Like all ART, TESE-ICSI carries both risks and benefits. For instance, it is possible that the resulting child might have the XXY condition. In addition, the procedure is expensive and is often is not covered by health insurance plans. Importantly, there is no guarantee the procedure will work.

    Recent studies suggest that collecting sperm from adolescent XXY males and freezing the sperm until later might result in more pregnancies during subsequent fertility treatments.7,8 This is because although XXY males may make some healthy sperm during puberty, this becomes more difficult as they leave adolescence and enter adulthood.

    Treating Language and Learning Symptoms

    Some, but not all, children with KS have language development and learning delays. They might be slow to learn to talk, read, and write, and they might have difficulty processing what they hear. But various interventions, such as speech therapy and educational assistance, can help to reduce and even eliminate these difficulties. The earlier treatment begins, the better the outcomes.

    Parents might need to bring these types of problems to the teacher's attention. Because these boys can be quiet and cooperative in the classroom, teachers may not notice the need for help.

    Boys and men with KS can benefit by visiting therapists who are experts in areas such as coordination, social skills, and coping. XXY males might benefit from any or all of the following:

    • Physical therapists design activities and exercises to build motor skills and strength and to improve muscle control, posture, and balance.
    • Occupational therapists help build skills needed for daily functioning, such as social and play skills, interaction and conversation skills, and job or career skills that match interests and abilities.
    • Behavioral therapists help with specific social skills, such as asking other kids to play and starting conversations. They can also teach productive ways of handling frustration, shyness, anger, and other emotions that can arise from feeling "different."
    • Mental health therapists or counselors help males with KS find ways to cope with feelings of sadness, depression, self-doubt, and low self-esteem. They can also help with substance abuse problems. These professionals can also help families deal with the emotions of having a son with KS.
    • Family therapists provide counseling to a man with KS, his spouse, partner, or family. They can help identify relationship problems and help patients develop communication skills and understand other people's needs.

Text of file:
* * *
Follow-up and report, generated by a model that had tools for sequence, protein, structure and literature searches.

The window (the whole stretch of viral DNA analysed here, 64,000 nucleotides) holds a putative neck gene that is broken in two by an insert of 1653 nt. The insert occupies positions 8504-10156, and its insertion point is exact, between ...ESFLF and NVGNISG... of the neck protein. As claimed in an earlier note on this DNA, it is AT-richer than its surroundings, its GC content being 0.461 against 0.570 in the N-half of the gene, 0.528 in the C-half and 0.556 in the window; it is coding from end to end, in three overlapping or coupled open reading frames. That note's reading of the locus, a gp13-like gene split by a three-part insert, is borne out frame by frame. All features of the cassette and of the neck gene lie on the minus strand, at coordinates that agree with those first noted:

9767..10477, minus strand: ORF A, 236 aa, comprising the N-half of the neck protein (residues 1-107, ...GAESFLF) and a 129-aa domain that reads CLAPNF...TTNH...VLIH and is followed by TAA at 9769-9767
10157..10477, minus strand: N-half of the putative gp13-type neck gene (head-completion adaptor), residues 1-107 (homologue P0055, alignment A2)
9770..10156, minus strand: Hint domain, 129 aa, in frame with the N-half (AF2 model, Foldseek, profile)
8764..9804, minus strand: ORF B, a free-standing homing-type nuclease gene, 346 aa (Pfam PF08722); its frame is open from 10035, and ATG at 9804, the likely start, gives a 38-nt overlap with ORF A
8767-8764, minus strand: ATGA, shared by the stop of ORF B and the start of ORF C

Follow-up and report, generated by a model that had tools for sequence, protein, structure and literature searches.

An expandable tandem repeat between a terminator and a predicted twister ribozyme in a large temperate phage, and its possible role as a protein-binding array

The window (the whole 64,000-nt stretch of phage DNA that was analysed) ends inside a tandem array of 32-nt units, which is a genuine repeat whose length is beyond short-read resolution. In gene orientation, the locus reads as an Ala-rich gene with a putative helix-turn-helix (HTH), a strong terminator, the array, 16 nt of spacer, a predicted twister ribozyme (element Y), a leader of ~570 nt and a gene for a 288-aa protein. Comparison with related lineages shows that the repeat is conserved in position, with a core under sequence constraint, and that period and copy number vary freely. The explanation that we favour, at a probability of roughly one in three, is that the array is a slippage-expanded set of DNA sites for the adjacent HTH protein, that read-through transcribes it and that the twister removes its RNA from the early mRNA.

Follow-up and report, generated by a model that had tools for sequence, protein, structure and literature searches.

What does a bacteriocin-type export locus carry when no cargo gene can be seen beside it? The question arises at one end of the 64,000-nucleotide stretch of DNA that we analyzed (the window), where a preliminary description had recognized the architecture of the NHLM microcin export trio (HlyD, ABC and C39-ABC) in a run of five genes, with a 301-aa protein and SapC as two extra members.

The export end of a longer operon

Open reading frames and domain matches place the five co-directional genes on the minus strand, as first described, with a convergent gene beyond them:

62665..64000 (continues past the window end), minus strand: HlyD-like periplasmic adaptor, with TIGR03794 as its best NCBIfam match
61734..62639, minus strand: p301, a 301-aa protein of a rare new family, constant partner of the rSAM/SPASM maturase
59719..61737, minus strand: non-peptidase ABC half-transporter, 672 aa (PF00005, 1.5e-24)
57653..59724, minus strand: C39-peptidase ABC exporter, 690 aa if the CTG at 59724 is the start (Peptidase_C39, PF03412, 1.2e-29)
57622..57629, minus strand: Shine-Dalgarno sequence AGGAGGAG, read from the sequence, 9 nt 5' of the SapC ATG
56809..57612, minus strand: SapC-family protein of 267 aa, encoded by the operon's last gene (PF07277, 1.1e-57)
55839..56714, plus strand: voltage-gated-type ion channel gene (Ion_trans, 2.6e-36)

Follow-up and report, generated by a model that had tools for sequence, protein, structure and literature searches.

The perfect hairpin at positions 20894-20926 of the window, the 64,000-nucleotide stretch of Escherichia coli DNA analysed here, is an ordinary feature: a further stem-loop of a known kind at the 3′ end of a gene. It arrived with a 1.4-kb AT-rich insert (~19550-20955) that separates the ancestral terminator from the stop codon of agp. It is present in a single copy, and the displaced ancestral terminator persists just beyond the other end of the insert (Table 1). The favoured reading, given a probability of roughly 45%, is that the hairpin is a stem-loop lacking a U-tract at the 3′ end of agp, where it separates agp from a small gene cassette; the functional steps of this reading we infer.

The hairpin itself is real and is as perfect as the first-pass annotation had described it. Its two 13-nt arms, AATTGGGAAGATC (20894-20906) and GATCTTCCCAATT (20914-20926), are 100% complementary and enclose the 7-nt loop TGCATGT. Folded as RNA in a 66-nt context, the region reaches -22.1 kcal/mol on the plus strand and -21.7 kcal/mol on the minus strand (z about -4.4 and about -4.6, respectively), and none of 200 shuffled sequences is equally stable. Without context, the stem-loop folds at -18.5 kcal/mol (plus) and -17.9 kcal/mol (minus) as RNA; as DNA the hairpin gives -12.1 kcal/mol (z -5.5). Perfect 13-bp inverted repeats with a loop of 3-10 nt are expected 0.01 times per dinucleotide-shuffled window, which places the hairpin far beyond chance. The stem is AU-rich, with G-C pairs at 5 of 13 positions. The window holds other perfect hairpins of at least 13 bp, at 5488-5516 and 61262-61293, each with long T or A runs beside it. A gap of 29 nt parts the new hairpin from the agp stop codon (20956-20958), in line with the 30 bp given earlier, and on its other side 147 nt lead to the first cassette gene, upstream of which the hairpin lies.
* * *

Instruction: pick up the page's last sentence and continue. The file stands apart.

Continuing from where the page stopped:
Parents of XXY males have also mentioned that taking part in physical activities at low-key levels, such as karate, swimming, tennis, and golf, were helpful in improving motor skills, coordination, and confidence.

    With regard to education, some boys with KS will qualify to receive state-sponsored special needs services to address their developmental and learning symptoms. But, because these symptoms may be mild, many XXY males will not be eligible for these services. Families can contact a local school district official or special education coordinator to learn more about whether XXY males can receive the following free services:

    • The Early Intervention Program for Infants and Toddlers with Disabilities is required by two national laws, the Individuals with Disabilities and Education Improvement Act (IDEIA) and the Individuals with Disabilities Education Act (IDEA). Every state operates special programs for children from birth to age 3, helping them develop in areas such as behavior, development, communication, and social play.
    • An Individualized Education Plan (IEP) for school is created and administered by a team of people, starting with parents and including teachers and school psychologists. The team works together to design an IEP with specific academic, communication, motor, learning, functional, and socialization goals, based on the child's educational needs and specific symptoms.

    Treating Social and Behavioral Symptoms

    Many of the professionals and methods for treating learning and language symptoms of the XXY condition are similar to or the same as the ones used to address social and behavioral symptoms.

    For instance, boys with KS may need help with social skills and interacting in groups. Occupational or behavioral therapists might be able to assist with these skills. Some school districts and health centers might also offer these types of skill-building programs or classes.

    In adolescence, symptoms such as lack of body hair could make XXY males uncomfortable in school or other social settings, and this discomfort can lead to depression, substance abuse, and behavioral problems or "acting out." They might also have questions about their masculinity or gender identity.9 In these instances, consulting a psychologist, counselor, or psychiatrist may be helpful.

    Contrary to research results released decades ago, current research shows that XXY males are no more likely than other males to have serious psychiatric disorders or to get into trouble with the law.10


    1. Bojesen, A., Juul S., & Gravholt, C.H. (2003). Prenatal and postnatal prevalence of Klinefelter syndrome: A national registry study. Journal of Clinical Endocrinology & Metabolism, 88(2), 622-626.
    2. Dawson, 1997; Hurth, 1999; Rogers, 1989; Hoyson, 1984; Lovaas, 1987; Harris, 1991; McEachin, 1993; Greenspan, 1997; Smith, 1997; and Smith, 1998. As cited in Committee on Children with Disabilities, American Academy of Pediatrics. (2001). The pediatrician's role in the diagnosis and management of autistic spectrum disorder in children. Pediatrics, 107(5), 1221-1226.
    3. Matsumoto, A.M., Yialamas, M., & Cunningham, G. (2017). Questions and answers: Low testosterone. Hormone Health Network/Endocrine Society. Retrieved September 11, 2019, from https://www.hormone.org/diseases-and-conditions/low-testosterone External Web Site Policy